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How Sheryl Lee Remembers ‘Twin Peaks: Fire Walk with Me’

Twin Peaks: Fire Walk with Me

Film critic and programmer Jesse Knight interviewed 'Twin Peaks: Fire Walk with Me' star Sheryl Lee following a screening of the movie.

You never can confidently tell which decisions will prove life-changing and which will absorb into the forgotten past. When she took a role in David Lynch’s secretive new pilot, Twin Peaks, at the end of the 1980s, Sheryl Lee had no reason to doubt the experience would be a career highlight. But she also had no reason to think it would become much more than that. When the Blue Velvet director cast her, based on a photo, in the part of Laura Palmer — the girl-next-door homecoming queen whose offscreen murder and slowly uncovered “double life” anchored the bulk of the show’s archly soapy, interconnected storylines — she was scheduled for four days of shooting before calling it good. Given that Palmer was first introduced to viewers wrapped in plastic and definitely dead, Lee would be needed for only a handful of crucial-for-the-show but minor-for-the-actor tasks: posing for in-character photos, doing a few flashbacks, and then holding still as a corpse while being poked at on a morgue slab and at a cold beach, where her character’s body was initially discovered. The Colorado-raised Lee was living in Seattle at the time she was cast, starring in local plays and studying acting under UW School of Drama professor Mark Jenkins. After finishing work on the Twin Peaks pilot, she went back to the life she’d been leading.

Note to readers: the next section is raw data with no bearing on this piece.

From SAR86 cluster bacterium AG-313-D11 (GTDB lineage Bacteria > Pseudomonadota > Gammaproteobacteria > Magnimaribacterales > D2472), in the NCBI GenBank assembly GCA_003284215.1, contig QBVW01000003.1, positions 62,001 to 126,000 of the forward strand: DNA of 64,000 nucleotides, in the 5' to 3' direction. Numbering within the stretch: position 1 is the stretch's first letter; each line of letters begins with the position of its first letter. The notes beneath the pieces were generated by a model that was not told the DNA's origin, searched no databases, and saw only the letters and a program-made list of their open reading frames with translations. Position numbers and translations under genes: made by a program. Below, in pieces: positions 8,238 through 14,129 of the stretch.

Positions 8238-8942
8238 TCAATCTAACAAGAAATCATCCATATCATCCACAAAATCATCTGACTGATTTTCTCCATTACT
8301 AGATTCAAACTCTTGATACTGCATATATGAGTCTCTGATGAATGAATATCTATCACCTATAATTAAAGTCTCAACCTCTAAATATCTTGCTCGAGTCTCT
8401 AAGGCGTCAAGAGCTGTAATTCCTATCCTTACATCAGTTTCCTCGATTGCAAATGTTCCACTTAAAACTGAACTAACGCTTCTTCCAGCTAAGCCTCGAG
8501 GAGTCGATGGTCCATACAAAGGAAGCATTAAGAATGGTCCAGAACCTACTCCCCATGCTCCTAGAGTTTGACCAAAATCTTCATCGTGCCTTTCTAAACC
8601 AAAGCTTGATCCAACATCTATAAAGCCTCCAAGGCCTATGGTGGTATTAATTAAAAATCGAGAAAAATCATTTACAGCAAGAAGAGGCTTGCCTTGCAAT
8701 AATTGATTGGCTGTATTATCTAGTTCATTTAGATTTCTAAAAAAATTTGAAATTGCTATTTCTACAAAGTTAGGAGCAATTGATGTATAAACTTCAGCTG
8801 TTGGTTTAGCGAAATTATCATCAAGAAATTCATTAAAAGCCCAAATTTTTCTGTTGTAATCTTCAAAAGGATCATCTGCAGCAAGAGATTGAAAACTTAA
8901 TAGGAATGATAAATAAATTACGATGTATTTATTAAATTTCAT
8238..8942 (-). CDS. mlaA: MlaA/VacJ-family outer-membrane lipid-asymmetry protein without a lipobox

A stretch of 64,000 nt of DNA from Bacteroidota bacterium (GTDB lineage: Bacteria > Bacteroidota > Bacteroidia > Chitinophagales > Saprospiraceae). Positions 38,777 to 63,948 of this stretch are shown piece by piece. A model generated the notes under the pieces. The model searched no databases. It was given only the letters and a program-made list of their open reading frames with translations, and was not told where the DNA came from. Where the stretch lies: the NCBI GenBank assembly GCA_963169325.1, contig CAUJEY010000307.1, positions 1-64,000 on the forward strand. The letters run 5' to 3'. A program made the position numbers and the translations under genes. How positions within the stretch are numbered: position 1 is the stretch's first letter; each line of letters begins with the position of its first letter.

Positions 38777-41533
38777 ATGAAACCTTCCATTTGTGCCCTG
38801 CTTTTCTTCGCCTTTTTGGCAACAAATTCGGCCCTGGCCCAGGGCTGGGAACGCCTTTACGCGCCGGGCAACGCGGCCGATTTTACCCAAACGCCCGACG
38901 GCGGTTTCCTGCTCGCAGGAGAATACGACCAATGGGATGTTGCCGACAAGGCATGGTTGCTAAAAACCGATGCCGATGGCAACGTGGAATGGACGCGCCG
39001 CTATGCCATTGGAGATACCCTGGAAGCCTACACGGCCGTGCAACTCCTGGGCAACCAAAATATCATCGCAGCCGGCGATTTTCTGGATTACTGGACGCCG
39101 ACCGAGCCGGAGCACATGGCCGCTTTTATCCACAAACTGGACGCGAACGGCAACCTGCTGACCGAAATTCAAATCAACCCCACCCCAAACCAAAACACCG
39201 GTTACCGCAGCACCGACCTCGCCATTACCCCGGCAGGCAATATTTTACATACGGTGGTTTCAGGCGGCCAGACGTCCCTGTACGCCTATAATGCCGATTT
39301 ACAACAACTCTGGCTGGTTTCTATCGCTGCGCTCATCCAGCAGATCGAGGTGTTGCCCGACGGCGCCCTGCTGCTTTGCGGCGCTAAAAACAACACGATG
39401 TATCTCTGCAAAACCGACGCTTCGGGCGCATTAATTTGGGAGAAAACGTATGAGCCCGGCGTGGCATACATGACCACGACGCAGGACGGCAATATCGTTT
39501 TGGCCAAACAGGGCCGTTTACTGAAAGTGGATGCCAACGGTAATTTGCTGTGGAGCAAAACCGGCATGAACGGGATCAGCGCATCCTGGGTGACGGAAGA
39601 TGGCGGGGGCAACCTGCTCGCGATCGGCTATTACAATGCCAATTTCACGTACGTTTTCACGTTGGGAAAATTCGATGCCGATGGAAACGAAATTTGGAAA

That wouldn’t stick. The show was an immediate hit, and Lynch and co-creator Mark Frost decided to bring Lee back to play Palmer’s cousin Maddy — her exact doppelgänger save for a thick head of wavy brunette hair and oft-worn bookish glasses — and again, in 2017, for a more stylistically austere revival series. No Twin Peaks property ceded as much screen time to Lee, though, as the 1992 prequel movie Twin Peaks: Fire Walk with Me. The film, which depicts Palmer’s final days, has some of the deadpan humor that at times made Twin Peaks a charmingly oddball small-town comedy. Otherwise, it’s more pronouncedly scary and sad, humanely giving dimension to a character that in another series would unceremoniously remain the voiceless cipher of the dead girl whose beauty and tormentedness in life were made equal.